For some filmgoers, the mere mention of “faith-based films” makes them cringe; this, unfortunately, is not without due cause. While many solid films exist in the market, there are far too many demonize “non-believers,” while billing those with faith as almost mythic-like humans ready to part the seas and challenge the evils of the world.
With this history in mind, I try to be a little forgiving of the genre when a flawed but well-meaning film like I Still Believe comes to theaters. It’s not a game-changer or a great film, but it’s sweet, with a competent cast and inspiring message. That’s enough to get a recommendation from me. I Still Believe is directed by the Erwin Brothers who did the 2018 film, I Can Only Imagine (which is one of the best of the genre in recent years). Here, we follow the story of another Christian musician, Jeremy Camp (played by KJ Apa), and the struggles he faces as his first wife Melissa (played by Britt Robertson) battles with cancer.
For most of the movie, things play out reminiscent of a “Nicholas Sparks-ian” weepy-romance: we have our attractive young people who meet in sandy locations with dewy sunlight. At first, the romance is threatened by another suitor but eventually they declare their love just in time for our female character to get in an accident or become terminally ill. This is exactly how things play out here except, of course, this is a true story: Camp and his wife really did fall in love, they really did have a moment of healing, and she really did face-off with cancer. This battle that led him to write the popular title-song I Still Believe (the song and the music as a whole are not as good as I Can Only Imagine, which saps some of the energy from certain sequences). Obviously a true story is going to be more impactful than fiction (and we have to be more forgiving of story tropes) but it is nevertheless still predictable.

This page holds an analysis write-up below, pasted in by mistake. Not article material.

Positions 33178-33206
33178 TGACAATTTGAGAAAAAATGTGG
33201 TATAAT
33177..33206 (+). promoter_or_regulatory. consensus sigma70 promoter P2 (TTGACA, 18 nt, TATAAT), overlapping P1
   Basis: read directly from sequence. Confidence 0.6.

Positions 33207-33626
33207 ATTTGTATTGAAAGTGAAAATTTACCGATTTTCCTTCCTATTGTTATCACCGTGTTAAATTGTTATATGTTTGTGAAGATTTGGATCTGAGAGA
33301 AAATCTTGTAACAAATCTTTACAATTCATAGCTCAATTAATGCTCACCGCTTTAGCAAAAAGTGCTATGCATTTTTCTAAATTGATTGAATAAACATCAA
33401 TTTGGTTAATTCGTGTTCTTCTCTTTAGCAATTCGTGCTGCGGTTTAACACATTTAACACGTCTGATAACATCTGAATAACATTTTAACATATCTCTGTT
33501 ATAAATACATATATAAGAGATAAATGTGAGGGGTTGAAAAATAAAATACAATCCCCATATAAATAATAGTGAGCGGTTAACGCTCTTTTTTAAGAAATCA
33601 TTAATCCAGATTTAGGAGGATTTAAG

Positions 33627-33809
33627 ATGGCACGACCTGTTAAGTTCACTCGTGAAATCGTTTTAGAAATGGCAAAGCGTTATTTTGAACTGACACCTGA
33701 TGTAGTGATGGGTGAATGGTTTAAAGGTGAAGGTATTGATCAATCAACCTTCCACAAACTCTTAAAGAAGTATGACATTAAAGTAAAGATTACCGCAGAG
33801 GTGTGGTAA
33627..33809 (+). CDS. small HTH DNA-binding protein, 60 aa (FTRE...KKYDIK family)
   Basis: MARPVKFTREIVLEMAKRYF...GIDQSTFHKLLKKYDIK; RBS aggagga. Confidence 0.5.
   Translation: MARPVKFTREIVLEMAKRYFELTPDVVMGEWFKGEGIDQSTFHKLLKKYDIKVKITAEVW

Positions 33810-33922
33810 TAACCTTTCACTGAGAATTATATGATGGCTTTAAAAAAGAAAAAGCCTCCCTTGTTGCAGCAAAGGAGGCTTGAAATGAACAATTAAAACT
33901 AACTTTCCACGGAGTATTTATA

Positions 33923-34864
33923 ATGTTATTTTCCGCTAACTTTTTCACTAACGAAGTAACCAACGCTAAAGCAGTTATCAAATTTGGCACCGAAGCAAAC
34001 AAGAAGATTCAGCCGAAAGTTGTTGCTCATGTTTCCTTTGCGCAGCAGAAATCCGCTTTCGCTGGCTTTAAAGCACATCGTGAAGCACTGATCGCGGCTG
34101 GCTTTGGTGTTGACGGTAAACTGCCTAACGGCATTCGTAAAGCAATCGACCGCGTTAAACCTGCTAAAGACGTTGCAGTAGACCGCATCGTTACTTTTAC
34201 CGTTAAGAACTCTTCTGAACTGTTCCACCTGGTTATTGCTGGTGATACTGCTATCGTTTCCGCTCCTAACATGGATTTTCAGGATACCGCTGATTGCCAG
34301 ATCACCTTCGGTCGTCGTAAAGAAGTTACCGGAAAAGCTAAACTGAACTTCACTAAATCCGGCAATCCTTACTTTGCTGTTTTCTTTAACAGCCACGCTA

The key to making a film like this effective is getting the right casting and portraying enough moments of earned emotion—I Still Believe passes both of these tests. It is not one of the best faith-based films of recent memory, but it is solid and inspiring enough to be worth a watch. While Robertson is getting too old for these types of teen roles, she and Apa have nice chemistry together which goes a long way. The script is also smart, giving them more than just anguish and misery to face together; we get to see them staring at stars in a planetarium, singing tunes by the ocean, and spending time with family together. This helps bond us as viewers to the couple especially as things get harder.
Unfortunately, the first act of I Still Believe has an extended back and forth love triangle, which I did not care for. It was so obvious who was going to get together that the melodrama of “will she/won’t she” was not interesting in the least. That said, once the cancer plot goes into full gear the film mostly earns its emotion. I particularly loved a scene with Gary Sinese (playing Camp’s father) where he talks about the disappointments in his life but how each one of them has brought him closer to God. I saw I Still Believe about 10 days ago and that message, along with his performance, has really stayed with me and made a positive impression.
Thankfully there are enough strong moments in I Still Believe to make it worthy of a recommendation, especially for its target demographic of religious evangelicals. There were times I got a little sleepy (both because I was sick and the pacing sagged), and it is not reinventing the wheel; but in the end, it is a sincere and sweet story of faith and love, and sometimes that’s enough.
Recommendation: MAYBE A MATINEE